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Surg Obes Relat Dis. 2015 May-Jun;11(3):621-6. doi: 10.1016/j.soard.2014.09.018. Epub 2014 Nov 28.

Nonnormative eating behavior and psychopathology in prebariatric patients with binge-eating disorder and night eating syndrome.

Author information

1
Integrated Research and Treatment Center AdiposityDiseases, University of Leipzig Medical Center, Leipzig, Germany. Electronic address: sabrina.baldofski@medizin.uni-leipzig.de.
2
Department of General Surgery, Asklepios Clinic, Hamburg, Germany.
3
Schön Klinik Hamburg Eilbek Bariatric Clinic, Hamburg, Germany.
4
Department of General, Visceral, Vascular, and Pediatric Surgery, University Hospital, University of Würzburg, Würzburg, Germany.
5
Department of Visceral, Pediatric, and Vascular Surgery, Hospital Konstanz, Konstanz, Germany.
6
Department of General, Abdominal and Pediatric Surgery, SRH Municipal Hospital, Gera, Germany.
7
Department of Psychosomatic Medicine and Psychotherapy, Hannover Medical School, Hannover, Germany.
8
Integrated Research and Treatment Center AdiposityDiseases, University of Leipzig Medical Center, Leipzig, Germany.

Abstract

BACKGROUND:

Binge-eating disorder (BED) as a distinct eating disorder category and night eating syndrome (NES) as a form of Other Specified Feeding or Eating Disorders were recently included in the 5th edition of the Diagnostic and Statistical Manual of Mental Disorders (DSM-5). This study sought to investigate the prevalence of BED and NES and associations with various forms of nonnormative eating behavior and psychopathology in prebariatric patients. Within a consecutive multicenter registry study, patients in 6 bariatric surgery centers in Germany were recruited.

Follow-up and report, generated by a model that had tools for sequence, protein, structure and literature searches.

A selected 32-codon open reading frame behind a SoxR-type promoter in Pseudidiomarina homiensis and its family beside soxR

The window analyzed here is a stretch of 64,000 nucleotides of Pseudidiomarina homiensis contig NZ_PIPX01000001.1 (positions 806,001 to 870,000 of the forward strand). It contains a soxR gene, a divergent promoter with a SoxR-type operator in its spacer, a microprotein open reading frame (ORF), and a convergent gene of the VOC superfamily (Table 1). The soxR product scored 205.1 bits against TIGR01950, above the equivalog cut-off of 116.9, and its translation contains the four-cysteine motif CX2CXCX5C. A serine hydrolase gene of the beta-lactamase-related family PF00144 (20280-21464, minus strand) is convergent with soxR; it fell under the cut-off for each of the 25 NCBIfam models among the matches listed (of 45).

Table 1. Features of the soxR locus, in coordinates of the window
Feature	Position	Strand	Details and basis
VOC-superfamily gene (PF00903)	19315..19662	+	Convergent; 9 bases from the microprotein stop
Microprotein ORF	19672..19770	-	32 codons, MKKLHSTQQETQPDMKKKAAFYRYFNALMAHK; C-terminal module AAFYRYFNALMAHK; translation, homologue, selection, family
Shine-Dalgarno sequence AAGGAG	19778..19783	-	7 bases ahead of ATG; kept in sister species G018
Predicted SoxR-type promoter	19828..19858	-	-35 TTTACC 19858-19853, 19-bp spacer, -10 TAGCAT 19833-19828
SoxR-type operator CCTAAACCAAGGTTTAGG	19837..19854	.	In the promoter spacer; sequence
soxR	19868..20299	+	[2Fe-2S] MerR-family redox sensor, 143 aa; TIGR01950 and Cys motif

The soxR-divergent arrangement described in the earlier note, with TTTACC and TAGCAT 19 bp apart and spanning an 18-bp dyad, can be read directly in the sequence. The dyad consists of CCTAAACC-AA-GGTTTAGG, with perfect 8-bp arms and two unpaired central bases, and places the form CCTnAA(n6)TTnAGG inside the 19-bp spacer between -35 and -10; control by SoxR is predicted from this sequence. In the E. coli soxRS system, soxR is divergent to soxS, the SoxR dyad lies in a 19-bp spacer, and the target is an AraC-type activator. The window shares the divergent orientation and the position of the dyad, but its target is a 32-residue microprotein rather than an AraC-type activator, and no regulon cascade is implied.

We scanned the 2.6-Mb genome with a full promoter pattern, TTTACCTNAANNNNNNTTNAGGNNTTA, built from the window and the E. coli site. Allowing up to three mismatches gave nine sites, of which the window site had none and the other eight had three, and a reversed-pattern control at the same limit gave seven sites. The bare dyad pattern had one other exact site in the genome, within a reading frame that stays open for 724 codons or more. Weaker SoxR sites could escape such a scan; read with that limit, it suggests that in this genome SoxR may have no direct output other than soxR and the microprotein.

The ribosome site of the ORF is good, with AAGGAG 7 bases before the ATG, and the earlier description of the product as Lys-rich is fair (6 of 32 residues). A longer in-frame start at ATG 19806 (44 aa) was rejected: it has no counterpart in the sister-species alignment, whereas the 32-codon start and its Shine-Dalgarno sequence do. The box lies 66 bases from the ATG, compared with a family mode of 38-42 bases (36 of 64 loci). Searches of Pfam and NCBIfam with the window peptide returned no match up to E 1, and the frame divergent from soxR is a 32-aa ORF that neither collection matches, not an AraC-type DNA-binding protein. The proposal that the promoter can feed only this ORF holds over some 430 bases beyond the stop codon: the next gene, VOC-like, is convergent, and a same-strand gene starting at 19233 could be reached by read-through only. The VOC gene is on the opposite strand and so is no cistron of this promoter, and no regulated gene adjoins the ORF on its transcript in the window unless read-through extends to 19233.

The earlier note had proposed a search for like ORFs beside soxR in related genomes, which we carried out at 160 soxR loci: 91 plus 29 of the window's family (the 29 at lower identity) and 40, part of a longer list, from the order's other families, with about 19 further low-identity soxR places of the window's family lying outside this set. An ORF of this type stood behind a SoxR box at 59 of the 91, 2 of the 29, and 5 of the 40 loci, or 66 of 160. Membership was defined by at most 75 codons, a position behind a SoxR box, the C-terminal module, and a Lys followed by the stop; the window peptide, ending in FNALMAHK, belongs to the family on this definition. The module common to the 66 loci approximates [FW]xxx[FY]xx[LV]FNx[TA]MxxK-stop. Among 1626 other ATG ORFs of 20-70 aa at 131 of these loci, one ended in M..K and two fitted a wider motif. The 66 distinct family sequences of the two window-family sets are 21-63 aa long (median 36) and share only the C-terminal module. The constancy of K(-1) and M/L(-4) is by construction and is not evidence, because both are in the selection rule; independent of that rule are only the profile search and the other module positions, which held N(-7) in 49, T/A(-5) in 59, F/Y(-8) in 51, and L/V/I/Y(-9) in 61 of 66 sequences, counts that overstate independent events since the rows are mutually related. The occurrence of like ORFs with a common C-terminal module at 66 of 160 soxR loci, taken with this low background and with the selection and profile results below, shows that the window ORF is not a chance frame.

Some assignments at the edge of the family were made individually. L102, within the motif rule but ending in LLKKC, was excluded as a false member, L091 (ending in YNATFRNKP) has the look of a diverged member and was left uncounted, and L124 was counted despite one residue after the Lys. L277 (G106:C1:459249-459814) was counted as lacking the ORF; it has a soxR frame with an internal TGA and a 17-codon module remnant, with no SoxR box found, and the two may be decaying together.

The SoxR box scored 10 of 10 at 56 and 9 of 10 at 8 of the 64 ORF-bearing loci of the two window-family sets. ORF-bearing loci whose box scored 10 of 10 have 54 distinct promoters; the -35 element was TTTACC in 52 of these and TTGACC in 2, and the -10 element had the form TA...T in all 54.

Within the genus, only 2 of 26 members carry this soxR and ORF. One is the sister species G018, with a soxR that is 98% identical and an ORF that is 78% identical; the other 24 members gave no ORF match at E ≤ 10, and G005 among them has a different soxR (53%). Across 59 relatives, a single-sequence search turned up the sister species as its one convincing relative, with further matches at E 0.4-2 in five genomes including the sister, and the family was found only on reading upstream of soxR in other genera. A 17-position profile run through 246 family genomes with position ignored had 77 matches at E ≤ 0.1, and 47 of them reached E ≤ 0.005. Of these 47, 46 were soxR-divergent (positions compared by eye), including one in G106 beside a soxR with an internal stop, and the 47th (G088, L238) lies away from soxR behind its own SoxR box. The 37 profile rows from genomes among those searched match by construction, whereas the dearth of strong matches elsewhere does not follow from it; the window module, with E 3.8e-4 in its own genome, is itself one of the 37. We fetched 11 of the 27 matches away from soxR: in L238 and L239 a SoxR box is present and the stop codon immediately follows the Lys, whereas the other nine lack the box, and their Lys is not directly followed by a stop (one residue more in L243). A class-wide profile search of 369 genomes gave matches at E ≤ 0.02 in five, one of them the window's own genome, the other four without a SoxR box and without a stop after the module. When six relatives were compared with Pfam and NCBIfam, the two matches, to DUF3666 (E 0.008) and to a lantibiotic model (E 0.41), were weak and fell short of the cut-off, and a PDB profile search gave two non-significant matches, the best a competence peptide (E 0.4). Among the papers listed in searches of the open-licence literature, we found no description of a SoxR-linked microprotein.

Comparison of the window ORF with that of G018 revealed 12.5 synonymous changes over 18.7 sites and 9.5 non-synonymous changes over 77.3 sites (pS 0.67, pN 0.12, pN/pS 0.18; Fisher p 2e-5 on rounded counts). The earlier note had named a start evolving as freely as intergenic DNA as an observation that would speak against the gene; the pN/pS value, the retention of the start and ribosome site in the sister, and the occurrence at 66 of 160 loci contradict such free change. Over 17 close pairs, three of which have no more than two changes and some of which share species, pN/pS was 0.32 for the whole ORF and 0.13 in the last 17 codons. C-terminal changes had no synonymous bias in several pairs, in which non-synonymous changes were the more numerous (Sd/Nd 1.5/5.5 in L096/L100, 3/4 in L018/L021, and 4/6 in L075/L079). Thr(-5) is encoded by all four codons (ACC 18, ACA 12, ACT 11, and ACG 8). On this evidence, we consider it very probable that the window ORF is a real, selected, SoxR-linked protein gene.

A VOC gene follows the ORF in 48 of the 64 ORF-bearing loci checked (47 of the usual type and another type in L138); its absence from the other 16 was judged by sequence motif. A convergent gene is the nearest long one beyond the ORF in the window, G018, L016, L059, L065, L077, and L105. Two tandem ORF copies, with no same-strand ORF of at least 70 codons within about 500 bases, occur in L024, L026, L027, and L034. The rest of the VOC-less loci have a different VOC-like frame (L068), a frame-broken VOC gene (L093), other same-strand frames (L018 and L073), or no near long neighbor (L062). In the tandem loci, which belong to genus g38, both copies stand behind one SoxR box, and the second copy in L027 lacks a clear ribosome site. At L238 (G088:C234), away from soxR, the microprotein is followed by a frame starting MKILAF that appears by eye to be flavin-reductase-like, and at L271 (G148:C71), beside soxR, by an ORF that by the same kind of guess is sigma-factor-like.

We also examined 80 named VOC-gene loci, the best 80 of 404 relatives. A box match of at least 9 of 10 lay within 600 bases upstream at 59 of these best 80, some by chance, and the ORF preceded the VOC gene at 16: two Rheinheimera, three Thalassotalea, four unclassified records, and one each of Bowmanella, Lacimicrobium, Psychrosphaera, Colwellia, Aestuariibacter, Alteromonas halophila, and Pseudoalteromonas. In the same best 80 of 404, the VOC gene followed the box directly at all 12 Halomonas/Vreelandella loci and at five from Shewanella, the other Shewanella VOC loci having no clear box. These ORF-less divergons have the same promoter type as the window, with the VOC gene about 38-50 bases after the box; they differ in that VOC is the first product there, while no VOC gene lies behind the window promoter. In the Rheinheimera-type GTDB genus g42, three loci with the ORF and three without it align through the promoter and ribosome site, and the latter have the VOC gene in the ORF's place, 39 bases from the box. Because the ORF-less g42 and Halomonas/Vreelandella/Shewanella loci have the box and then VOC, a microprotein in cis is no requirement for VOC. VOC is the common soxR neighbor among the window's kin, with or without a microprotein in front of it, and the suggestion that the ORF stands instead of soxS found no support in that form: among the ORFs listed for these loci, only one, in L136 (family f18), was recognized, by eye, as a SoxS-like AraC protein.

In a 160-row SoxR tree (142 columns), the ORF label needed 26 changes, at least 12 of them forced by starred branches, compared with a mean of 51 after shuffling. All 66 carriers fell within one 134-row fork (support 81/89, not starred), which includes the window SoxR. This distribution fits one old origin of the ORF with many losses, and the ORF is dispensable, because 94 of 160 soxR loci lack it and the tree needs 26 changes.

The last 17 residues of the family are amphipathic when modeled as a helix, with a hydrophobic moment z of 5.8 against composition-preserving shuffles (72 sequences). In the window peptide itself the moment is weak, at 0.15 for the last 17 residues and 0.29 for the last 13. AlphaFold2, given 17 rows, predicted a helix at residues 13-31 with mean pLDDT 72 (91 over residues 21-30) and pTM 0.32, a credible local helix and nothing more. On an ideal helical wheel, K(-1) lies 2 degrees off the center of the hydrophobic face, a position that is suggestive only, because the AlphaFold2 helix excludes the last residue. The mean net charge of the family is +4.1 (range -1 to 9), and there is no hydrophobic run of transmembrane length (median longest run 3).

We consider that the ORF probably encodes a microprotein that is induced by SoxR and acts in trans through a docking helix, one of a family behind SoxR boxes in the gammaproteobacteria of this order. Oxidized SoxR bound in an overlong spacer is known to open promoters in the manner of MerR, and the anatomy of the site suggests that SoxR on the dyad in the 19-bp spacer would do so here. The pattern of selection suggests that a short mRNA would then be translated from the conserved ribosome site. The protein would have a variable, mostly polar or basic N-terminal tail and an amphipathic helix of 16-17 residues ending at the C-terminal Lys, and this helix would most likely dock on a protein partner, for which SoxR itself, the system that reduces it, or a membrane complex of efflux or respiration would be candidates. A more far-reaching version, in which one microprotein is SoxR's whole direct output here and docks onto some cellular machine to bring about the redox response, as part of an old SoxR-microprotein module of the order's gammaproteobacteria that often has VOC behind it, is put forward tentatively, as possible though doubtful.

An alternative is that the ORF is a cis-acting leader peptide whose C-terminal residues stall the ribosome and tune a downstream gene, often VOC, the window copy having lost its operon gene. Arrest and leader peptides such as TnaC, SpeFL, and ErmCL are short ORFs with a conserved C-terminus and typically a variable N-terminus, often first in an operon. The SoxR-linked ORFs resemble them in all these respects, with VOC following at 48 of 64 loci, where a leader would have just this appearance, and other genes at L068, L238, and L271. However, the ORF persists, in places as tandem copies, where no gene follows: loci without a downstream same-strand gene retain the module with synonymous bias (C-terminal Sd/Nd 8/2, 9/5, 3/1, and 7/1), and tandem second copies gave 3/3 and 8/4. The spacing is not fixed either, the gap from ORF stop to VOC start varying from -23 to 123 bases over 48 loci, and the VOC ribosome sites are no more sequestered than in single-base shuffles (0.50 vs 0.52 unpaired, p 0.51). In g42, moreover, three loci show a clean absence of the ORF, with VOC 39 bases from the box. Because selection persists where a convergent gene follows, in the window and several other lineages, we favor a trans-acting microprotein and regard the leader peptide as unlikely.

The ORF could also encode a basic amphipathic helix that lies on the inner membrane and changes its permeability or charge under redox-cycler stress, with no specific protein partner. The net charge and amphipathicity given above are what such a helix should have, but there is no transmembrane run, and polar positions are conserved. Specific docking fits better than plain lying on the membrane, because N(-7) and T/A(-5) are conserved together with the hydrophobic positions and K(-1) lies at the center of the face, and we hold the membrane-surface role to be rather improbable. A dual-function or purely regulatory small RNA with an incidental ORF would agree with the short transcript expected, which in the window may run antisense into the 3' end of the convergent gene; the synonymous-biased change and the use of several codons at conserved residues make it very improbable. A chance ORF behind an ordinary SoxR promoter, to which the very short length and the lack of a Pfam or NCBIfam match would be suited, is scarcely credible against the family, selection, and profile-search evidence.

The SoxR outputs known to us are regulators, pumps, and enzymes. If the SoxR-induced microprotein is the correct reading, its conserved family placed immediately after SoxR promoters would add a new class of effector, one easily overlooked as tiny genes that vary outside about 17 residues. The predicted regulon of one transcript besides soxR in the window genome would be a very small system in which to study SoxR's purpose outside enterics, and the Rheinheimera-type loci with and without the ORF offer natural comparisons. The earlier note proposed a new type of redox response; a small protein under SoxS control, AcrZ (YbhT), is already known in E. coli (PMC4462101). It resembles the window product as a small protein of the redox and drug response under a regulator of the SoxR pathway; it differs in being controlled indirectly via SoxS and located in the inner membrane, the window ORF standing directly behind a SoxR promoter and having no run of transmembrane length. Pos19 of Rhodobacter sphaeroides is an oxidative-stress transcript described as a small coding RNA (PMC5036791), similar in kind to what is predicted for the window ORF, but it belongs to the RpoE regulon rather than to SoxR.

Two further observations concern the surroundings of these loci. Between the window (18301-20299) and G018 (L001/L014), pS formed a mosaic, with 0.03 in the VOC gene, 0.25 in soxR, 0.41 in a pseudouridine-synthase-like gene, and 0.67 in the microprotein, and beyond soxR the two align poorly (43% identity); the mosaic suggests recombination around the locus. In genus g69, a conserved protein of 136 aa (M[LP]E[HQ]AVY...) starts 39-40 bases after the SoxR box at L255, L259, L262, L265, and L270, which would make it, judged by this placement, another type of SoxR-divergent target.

METHODS:

Overall, 233 prebariatric patients were assessed using the Eating Disorder Examination and self-report questionnaires. Assessment was unrelated to clinical procedures.

RESULTS:

Diagnostic criteria for full-syndrome BED and NES were currently met by 4.3% and 8.2% of prebariatric patients, respectively. In addition, 8.6% and 6.9% of patients met subsyndromal BED and NES criteria, respectively. Co-morbid BED and NES diagnoses were present in 3.9% of patients. In comparison to patients without any eating disorder symptoms, patients with BED and NES reported greater emotional eating, eating in the absence of hunger, and more symptoms of food addiction. Moreover, differences between patients with BED and NES emerged with more objective binge-eating episodes and higher levels of eating concern, weight concern, and global eating disorder psychopathology in patients with BED.

CONCLUSION:

BED and NES were shown to be prevalent among prebariatric patients, with some degree of overlap between diagnoses. Associations with nonnormative eating behavior and psychopathology point to their clinical significance and discriminant validity.

KEYWORDS:

Binge-eating disorder; Eating disorders; Night eating syndrome; Nonnormative eating behavior

PMID:
25887494
DOI:
10.1016/j.soard.2014.09.018
[Indexed for MEDLINE]

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